Chicago Half Marathon for 9/11

Earlier this week, I made the decision to take Amtrak out to Chicago for the weekend in order to run the Chicago Half Marathon.  This year, it happened to fall on 9/11/11- the 10 year anniversary of 9/11.  Part of the decision was that Philly was flooding for the second time in 3 weeks and there was no way I was going to attempt 17-18 miles on a treadmill, even in 2 runs.  The Schulykill path is where I do most of my longer runs since it’s an 8.5 mile loop, but it ended up being closed off Wednesday with it reopening Friday at the earliest.  Anyways, I arrived after taking the Limited Capitol train to Chicago from DC on Friday morning and was able to drop my bags off at my 50% off hotel in the loop.  I headed over to an LA Fitness I found 2 blocks from my hotel (score!) to get a swim in since sitting for 17 hrs on a train isn’t the most exciting thing to do.  Afterwards, I headed out to Navy Pier to pick up my race stuff.  Score the Long Sleeve Tech shirt (see Friday’s post)!  However, wasn’t a fan of the packet pick up.  After almost a dozen half marathons, 2 marathons and some 10 Mile races, this is the first where if someone else was picking up your bib, they had to bring in a NOTARIZED Form saying it was alright for them to pick up your stuff.  I kid you not!  Want proof? Head over here.  Couldn’t you see this being a problem for people coming out of the country or who work long hours? I mean really.  The fact it was at Navy Pier was also an issue- it’s not necessarily the easiest place to get to, but I digress.  When I got there, the people handing out bibs looked like a bunch of High School students who had no idea what they were doing.  The guy in front of me nearly got a 5K shirt and I heard there were numerous problems with the volunteers giving runners other peoples’ bibs.  Giving the wrong bib to the wrong runner?  Part of it was the runner’s fault for not noticing this until they got home, but still.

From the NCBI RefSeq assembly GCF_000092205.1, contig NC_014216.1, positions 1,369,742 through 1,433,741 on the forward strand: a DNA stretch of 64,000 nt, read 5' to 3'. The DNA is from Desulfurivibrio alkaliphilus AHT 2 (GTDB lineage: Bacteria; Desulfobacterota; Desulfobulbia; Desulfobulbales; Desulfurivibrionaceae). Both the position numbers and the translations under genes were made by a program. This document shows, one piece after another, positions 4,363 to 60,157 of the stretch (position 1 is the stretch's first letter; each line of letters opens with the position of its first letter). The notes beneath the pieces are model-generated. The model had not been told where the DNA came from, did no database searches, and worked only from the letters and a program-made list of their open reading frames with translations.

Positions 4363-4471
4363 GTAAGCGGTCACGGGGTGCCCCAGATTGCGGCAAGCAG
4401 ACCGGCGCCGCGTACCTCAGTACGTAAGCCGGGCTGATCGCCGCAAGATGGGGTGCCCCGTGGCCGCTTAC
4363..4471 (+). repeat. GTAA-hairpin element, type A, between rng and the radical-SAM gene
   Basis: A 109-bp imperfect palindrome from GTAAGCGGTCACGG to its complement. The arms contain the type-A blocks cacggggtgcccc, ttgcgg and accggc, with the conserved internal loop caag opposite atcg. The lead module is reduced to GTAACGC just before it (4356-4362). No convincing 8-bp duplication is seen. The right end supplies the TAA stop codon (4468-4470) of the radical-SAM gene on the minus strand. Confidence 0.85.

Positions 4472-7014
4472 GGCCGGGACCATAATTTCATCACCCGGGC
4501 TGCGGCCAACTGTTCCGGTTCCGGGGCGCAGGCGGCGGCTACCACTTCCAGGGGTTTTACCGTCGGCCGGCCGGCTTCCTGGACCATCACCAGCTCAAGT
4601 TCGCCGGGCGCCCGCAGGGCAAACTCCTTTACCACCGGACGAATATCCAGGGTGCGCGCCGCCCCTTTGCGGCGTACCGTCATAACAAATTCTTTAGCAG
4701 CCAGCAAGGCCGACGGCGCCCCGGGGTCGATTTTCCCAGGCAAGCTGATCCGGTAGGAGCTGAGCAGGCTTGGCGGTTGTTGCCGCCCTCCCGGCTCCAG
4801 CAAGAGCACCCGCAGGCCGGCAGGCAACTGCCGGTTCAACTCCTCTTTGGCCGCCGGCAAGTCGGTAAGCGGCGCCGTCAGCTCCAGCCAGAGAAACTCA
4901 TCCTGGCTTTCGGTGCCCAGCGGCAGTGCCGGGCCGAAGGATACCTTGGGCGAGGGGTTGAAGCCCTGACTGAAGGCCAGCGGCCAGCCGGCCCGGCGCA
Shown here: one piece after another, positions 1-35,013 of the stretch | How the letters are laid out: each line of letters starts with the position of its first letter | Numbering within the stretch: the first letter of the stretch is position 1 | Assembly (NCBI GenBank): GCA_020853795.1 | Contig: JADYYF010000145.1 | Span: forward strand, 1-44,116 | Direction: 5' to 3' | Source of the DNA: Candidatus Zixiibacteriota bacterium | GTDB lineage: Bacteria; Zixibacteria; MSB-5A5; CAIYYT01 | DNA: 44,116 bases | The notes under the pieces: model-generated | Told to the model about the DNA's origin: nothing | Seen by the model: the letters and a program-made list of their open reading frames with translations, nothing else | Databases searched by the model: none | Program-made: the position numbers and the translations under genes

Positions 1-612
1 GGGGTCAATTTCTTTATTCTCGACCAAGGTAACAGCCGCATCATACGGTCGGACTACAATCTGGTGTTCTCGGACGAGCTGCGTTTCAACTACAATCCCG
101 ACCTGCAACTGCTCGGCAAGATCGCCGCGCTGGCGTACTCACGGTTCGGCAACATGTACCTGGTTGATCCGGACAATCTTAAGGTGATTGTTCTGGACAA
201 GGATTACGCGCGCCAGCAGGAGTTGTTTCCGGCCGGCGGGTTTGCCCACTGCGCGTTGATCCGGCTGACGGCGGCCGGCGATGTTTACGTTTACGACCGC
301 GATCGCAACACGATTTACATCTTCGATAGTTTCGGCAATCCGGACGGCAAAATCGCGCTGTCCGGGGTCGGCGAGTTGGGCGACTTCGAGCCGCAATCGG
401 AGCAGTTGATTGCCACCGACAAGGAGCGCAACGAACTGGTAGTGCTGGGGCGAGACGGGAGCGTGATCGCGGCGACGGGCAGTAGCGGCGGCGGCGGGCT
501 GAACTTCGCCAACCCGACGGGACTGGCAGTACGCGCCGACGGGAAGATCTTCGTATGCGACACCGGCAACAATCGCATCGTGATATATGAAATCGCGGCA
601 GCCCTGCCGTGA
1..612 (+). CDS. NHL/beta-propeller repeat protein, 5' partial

While I was there, I signed up to take the shuttles they had from Millennium Park to Jackson Park just because they went straight there.  It seemed all find and dandy since they had multiple shuttles leaving at multiple times- until we got an email Saturday saying that most if not all shuttles would leave at 530 AM only. Lack of organization there.  Come race day, I was able to hop the shuttle (thank goodness I was only 2 blocks away) and arrived around 6:15-6:20.  I normally never check anything since I’ve learned to run with little or I’m in Philly or a surrounding area with my car, however, I brought a change of clothes since I had another 4-5 miles to run after the race.  I checked my bag and jumped into the porta potty line like any good runner should. I headed over to the corrals while the national anthem was playing and at 7 AM, we were off.  The first few miles were led by NYFD Engine 4 which was at Ground 0 on 9/11 and has since had some restoration work done to it (see yesterday’s post for pictures!).  During the first mile, there were bagpipers playing Amazing Grace which I thought was a nice touch.

The race overall was a rough one for me.  My legs were tired and I had to work out a sore calf muscle in my right leg.  I also felt sick the entire race because I took some advil which didn’t feel like it went down the entire way.  I got some motivation out of some signs on the course however.  Some of the better ones were:

  1. Hurry! There are Zombies behind you!
  2. Move your @$$ honey! (I apologize for anyone who doesn’t swear!)
  3. Running means making sacrifices. I decided to drink after the race instead of before the race.

The last few miles, the medics were getting busy as it started to get warmer out.  Some people were passing out on course or at the finish.  I appreciated the last mile when they were saying how much further you had left!  I some how made it across the finish and within seconds was dry heaving before getting sick on the sideline.  That is honestly a race first for me, but I had been trying to get whatever was stuck in my throat up the entire race.  Someone brought me water but I ended up fine in a minute or two.

After working my way through the finish area, I got some food, water and awesome medal, I headed over to pick up my bag.  Utter 1/2 Marathon Fail.  It took a good 20 minutes of me waiting in line to get it.  There seemed to be no system of how it was organized or who was looking for what.  After I finally got my stuff, I headed over to the Jack’s Fund tent, the charity I’m running for during the NYC Marathon, since they had a small group of 1/2 marathon runners.  I got some free hugs and met some of the other runners doing NYC in November and had the opportunity to talk with some of the organizers on why I chose Jack’s Fund and how I found them.  I got some free Pizza and headed towards the NYPD Engine 4 truck to get a few pictures and hopped the shuttle back to downtown and finish off my last 4 miles.   I have mixed feelings about this race.  Not quite sure if I’ll be back for it, but if anything, it was a good way to remember 9/11/01 and I got a decent long run out of it.  It also didn’t rain which was a change from Philadelphia.  Take it as you will, but this is how I spent remembering 9/11/01